Despite Toxic Masculinity in Advertising, Women Still Want Nice Cars
Mercedes and BMW topped the list of cars owned by our members. Porsche was rated #1 as the car they most wanted next. Despite all the pain points felt by our female members, it didn’t seem to dissuade them from owning or buying an expensive, usually European car. So maybe the car companies don’t really need to do much because women are still coming to them? Besides, isn’t it hard to create global ad content that appeals to both men and women? While it may seem prudent to hold the status quo, we can look to an analogous category and see how that might end in disruption.
Beauty – A Case Study on Inclusivity-Based Disruption
Not too long-ago prestige beauty in the US was dominated by 3 big brands: Estée Lauder, Lancôme and Clinique. These brands spent heavily on advertising and their main distribution was department stores throughout the US. One opportunity for growth was reaching a broader audience, particularly as the US population became more diverse. These brands had the scale to increase their shade ranges to fit more skin tones and they began to feature models of different ethnicities in their advertising. It was a big step toward inclusivity, women could hopefully see their skin tones reflected in these models or at least in the photographed product array.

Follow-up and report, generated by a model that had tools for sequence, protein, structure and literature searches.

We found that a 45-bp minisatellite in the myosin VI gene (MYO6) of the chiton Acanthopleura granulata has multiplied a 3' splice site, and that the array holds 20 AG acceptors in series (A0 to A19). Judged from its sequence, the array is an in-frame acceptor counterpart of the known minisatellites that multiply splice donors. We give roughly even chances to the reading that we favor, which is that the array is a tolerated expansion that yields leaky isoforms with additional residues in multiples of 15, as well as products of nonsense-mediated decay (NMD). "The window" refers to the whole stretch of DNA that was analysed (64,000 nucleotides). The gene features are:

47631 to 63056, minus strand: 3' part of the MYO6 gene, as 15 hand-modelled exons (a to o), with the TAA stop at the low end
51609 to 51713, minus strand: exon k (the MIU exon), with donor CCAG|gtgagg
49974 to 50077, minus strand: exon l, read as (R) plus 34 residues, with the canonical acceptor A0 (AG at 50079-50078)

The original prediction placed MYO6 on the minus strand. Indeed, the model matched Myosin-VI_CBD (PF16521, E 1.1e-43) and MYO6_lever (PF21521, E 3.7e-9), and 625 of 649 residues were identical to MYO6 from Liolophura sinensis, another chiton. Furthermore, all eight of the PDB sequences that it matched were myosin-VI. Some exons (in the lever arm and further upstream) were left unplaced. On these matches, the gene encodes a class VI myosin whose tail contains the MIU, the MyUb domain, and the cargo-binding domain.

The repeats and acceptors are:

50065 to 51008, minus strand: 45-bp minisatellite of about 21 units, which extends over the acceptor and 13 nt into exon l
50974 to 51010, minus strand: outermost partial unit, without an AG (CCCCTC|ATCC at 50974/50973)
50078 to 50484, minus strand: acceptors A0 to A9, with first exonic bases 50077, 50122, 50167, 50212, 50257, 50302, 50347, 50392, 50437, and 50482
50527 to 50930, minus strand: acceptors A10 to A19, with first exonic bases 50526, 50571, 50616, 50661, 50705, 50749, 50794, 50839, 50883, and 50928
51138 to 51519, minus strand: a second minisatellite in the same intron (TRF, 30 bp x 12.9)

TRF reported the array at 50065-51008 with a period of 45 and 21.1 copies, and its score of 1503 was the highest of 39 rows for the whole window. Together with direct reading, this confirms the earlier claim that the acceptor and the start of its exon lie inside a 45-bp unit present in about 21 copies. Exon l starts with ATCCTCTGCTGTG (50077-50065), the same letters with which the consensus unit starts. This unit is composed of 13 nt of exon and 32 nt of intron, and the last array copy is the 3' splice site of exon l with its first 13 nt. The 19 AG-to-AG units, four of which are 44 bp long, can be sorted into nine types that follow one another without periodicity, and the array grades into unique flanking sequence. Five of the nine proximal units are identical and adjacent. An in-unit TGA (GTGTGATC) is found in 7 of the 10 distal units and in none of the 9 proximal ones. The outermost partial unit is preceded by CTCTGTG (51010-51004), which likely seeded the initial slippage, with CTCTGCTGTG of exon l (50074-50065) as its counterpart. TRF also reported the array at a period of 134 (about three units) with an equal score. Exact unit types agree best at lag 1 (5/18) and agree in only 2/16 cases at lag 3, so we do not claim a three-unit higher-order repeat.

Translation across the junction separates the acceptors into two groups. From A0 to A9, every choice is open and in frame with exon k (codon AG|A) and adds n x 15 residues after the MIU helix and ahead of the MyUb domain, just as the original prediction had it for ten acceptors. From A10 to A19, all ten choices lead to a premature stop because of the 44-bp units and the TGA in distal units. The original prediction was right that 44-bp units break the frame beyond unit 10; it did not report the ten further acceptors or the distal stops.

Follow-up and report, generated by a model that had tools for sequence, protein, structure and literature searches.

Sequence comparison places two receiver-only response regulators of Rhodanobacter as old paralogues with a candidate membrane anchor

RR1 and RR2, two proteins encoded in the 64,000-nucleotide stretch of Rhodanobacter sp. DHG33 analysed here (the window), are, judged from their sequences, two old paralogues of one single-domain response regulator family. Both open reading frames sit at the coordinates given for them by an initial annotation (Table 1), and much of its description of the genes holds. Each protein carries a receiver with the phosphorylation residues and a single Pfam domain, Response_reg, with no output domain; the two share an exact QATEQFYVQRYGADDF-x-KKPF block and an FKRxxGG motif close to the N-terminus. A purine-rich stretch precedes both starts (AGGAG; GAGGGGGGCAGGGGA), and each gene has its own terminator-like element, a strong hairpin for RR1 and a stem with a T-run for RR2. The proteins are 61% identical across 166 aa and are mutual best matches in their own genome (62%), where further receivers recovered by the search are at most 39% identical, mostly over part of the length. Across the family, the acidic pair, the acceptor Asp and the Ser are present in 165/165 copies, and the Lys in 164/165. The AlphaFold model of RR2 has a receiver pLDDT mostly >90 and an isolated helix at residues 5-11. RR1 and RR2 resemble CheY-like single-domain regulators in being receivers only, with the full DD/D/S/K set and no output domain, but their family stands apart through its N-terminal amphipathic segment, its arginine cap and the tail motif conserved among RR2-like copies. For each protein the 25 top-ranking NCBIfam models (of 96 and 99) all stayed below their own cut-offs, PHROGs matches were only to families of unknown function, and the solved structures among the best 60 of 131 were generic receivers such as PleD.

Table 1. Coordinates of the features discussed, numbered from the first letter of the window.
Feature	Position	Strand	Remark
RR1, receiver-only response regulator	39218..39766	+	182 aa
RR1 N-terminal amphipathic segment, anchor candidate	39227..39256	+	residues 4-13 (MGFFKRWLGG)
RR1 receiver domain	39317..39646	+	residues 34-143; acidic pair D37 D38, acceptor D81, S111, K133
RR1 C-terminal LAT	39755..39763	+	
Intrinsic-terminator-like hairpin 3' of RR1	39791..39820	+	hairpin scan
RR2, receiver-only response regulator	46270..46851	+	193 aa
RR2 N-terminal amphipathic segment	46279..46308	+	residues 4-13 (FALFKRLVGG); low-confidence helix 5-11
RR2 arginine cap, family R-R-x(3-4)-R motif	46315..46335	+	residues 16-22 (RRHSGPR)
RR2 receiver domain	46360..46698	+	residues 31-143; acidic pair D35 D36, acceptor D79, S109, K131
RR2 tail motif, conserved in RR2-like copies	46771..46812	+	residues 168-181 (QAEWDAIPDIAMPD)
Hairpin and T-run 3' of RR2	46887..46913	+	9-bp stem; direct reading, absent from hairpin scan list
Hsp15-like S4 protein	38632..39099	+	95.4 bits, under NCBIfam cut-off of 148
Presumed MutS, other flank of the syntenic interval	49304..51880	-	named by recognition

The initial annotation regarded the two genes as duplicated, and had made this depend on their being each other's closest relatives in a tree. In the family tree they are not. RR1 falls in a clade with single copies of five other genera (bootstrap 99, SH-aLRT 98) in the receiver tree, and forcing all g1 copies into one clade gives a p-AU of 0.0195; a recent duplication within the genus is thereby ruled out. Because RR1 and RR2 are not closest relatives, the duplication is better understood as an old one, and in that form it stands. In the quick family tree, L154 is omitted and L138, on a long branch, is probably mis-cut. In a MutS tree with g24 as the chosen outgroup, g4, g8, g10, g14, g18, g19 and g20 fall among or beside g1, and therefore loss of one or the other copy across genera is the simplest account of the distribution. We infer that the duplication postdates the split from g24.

Waning of Traditional Advertising and Innovation at the POS Leads to New Entrants